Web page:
Is Facebook Making You Miserable?
I have been on Facebook for several years now, and it has served a great purpose in connecting with many friends and family around the world in ways that otherwise not be possible. Furthermore, there are many members of Grace on Facebook, making it another venue in which to communicate with one another.
Having said that, I think it is necessary to ask some important questions about ourselves in relation to our usage of Facebook. One particular question I regularly examine myself is: “Am I interacting with a fellow member of my church family on Facebook but not in real life?” In other words, there is a real danger in think that Facebook community is real community. It is not. But we can make it a substitution for flesh and blood community where life is shared.
Along these lines, Tim Challies has written an important article related to online community and the local church. In it, he explains how Facebook is making us miserable. Here’s an excerpt:
We log on to Facebook, look through the photographs and status messages our friends post, and believe that everyone is happier and more successful than we are. And when I have spoken to friends and family members who have considered giving up Facebook, this is exactly the reasoning they have given. They look at other people and feel miserable in comparison.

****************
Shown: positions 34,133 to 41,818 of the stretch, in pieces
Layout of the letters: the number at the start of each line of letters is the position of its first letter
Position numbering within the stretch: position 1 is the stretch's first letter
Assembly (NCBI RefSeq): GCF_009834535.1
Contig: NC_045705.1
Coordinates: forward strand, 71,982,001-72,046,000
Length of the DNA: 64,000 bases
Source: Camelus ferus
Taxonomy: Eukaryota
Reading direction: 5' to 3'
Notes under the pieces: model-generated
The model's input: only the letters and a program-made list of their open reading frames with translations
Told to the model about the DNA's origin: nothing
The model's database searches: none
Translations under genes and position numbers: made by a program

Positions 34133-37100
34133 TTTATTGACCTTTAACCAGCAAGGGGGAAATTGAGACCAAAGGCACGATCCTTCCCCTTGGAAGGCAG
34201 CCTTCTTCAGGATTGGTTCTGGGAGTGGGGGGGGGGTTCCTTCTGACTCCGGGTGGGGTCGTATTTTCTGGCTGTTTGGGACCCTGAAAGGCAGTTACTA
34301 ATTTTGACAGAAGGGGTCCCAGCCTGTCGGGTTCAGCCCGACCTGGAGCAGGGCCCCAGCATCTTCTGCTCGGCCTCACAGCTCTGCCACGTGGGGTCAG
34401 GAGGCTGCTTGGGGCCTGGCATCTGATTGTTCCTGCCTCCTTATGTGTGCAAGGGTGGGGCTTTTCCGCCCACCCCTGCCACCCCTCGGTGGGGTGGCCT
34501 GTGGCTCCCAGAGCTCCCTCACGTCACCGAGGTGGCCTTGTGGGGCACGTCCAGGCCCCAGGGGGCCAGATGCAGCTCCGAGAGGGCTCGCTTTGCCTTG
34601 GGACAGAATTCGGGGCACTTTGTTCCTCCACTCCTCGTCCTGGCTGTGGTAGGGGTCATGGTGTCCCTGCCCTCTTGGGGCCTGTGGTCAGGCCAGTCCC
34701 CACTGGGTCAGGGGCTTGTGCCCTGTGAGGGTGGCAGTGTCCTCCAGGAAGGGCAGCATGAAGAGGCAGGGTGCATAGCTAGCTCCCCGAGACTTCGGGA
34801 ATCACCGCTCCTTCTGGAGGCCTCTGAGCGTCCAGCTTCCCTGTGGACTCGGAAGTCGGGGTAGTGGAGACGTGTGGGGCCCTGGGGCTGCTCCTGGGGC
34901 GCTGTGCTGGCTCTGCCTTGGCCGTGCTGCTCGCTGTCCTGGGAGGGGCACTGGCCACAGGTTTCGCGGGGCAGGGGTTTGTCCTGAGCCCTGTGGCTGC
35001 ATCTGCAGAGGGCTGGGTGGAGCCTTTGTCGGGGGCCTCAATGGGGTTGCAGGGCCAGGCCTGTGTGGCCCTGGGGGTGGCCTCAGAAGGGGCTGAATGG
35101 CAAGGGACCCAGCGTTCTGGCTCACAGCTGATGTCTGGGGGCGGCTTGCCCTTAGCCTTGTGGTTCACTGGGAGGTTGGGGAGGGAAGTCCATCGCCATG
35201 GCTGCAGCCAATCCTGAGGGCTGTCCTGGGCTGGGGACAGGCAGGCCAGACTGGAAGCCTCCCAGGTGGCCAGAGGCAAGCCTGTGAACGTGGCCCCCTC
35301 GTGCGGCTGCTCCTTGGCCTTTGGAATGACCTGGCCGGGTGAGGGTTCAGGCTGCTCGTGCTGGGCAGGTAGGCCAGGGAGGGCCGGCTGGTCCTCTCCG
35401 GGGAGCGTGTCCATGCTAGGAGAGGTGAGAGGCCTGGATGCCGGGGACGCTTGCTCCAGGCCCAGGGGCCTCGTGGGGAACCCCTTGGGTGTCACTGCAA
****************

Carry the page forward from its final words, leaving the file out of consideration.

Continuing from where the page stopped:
What an interesting phenomenon. It seems clear that Facebook is exposing something, some ugly little corner of the human heart. Facebook is all about making life seem joyful—we “like” one another’s happy status updates, not the sad ones; we post photos of our parties, not our funerals; we use it to celebrate births and marriages and new relationships, not to mourn deaths or remember break-ups. Facebook is meant to be a happy place for happy people. But it doesn’t seem to work out so well. We all think everyone else is happy, but we don’t feel the joy.
I encourage you to read the whole thing. As believers, we should think deeply about our employments (or to use the old school word “deportment”) in everyday life, including (or especially) Facebook.